Currently about half of Pocket NC machines are used in education. This includes high schools, community colleges, technical colleges, and universities. People in education use the Pocket NC for:
- Teaching 5-axis programming and machining in vocational schools, adult education training programs, community colleges, and tech education in high schools.
- Integrating the machine into robotics and manufacturing competitions like SkillsUSA and FIRST.
- Machines are used in FabLabs, Innovation Labs, STEAM Labs, MakerSpaces, and Museums.
- Machines are integrated into research labs to make small components for research experiments or study aspects of manufacturing.
- Community colleges are using the machine to recruit students in middle school or high school into vocational programs.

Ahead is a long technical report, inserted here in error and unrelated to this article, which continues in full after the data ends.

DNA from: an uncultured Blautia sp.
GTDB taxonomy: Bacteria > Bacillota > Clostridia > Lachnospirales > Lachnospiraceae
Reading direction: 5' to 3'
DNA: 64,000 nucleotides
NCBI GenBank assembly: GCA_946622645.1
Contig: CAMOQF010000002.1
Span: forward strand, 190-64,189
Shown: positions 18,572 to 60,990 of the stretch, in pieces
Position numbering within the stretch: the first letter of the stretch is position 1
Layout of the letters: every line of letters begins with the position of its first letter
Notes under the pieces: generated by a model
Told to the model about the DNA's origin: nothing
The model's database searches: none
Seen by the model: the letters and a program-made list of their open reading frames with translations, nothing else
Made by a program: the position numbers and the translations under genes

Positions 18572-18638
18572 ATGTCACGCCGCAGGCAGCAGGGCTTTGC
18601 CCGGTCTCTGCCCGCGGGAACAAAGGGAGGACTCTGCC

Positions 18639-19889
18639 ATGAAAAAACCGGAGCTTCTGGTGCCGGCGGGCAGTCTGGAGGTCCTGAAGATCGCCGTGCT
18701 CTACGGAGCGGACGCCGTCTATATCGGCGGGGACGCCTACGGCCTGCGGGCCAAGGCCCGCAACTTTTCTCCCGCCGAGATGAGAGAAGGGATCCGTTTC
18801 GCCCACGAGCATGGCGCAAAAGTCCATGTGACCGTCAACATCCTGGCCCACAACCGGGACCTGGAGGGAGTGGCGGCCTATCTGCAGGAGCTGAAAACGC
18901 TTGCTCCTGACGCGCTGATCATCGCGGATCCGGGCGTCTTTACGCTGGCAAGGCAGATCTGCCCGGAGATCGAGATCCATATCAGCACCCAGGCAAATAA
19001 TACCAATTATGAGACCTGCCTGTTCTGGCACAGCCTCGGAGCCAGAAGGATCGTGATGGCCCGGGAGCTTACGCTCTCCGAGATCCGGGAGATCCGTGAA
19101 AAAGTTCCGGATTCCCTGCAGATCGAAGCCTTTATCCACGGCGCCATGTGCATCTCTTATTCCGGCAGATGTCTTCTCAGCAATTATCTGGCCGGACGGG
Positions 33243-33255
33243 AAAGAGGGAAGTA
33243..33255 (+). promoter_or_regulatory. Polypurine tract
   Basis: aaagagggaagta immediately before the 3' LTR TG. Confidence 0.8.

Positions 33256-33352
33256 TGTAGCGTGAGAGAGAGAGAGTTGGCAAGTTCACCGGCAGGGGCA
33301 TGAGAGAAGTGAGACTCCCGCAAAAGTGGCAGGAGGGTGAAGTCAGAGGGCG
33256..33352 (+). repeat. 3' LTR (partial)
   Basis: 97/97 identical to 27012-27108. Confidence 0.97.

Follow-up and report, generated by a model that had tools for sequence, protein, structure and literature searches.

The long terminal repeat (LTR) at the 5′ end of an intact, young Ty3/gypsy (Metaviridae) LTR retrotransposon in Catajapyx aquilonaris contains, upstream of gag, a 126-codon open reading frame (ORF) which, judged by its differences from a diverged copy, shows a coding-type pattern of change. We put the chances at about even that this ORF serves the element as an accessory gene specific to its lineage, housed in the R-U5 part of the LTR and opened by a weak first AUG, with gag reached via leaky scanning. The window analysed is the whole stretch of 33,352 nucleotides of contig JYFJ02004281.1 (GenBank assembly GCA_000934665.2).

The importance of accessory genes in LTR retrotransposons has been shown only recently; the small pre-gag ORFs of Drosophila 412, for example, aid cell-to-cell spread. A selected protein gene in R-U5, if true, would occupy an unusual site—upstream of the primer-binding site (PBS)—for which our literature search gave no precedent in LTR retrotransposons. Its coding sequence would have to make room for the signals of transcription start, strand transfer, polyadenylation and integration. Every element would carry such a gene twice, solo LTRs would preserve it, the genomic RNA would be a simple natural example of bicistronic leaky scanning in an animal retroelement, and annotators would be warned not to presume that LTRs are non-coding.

|Montana State University Makerspace||Montana State University Makerspace|
Schools consider Pocket NC machines for a variety of reasons some of which include:
- Technical programs are challenged by industry to train students in 5-axis programming and machining. Many vocational training programs have a few multi-axis machines but in many circumstances only more advanced students get to use the machine and even that time can be limited.
- Skills learned on the Pocket NC machines translate to industrial 5-axis machines giving students with experience on the Pocket NC a competitive advantage in their search for employment.
- Many schools are limited by space constraints and don’t have enough room for a large 5-axis machine. With a footprint of 16 inches wide x 8 inches in depth x 11 inches tall, weight of ~30 pounds and standard wall power, a classroom can have one or more machines without taking up much space.
Here is a partial list of schools that use Pocket NC machines: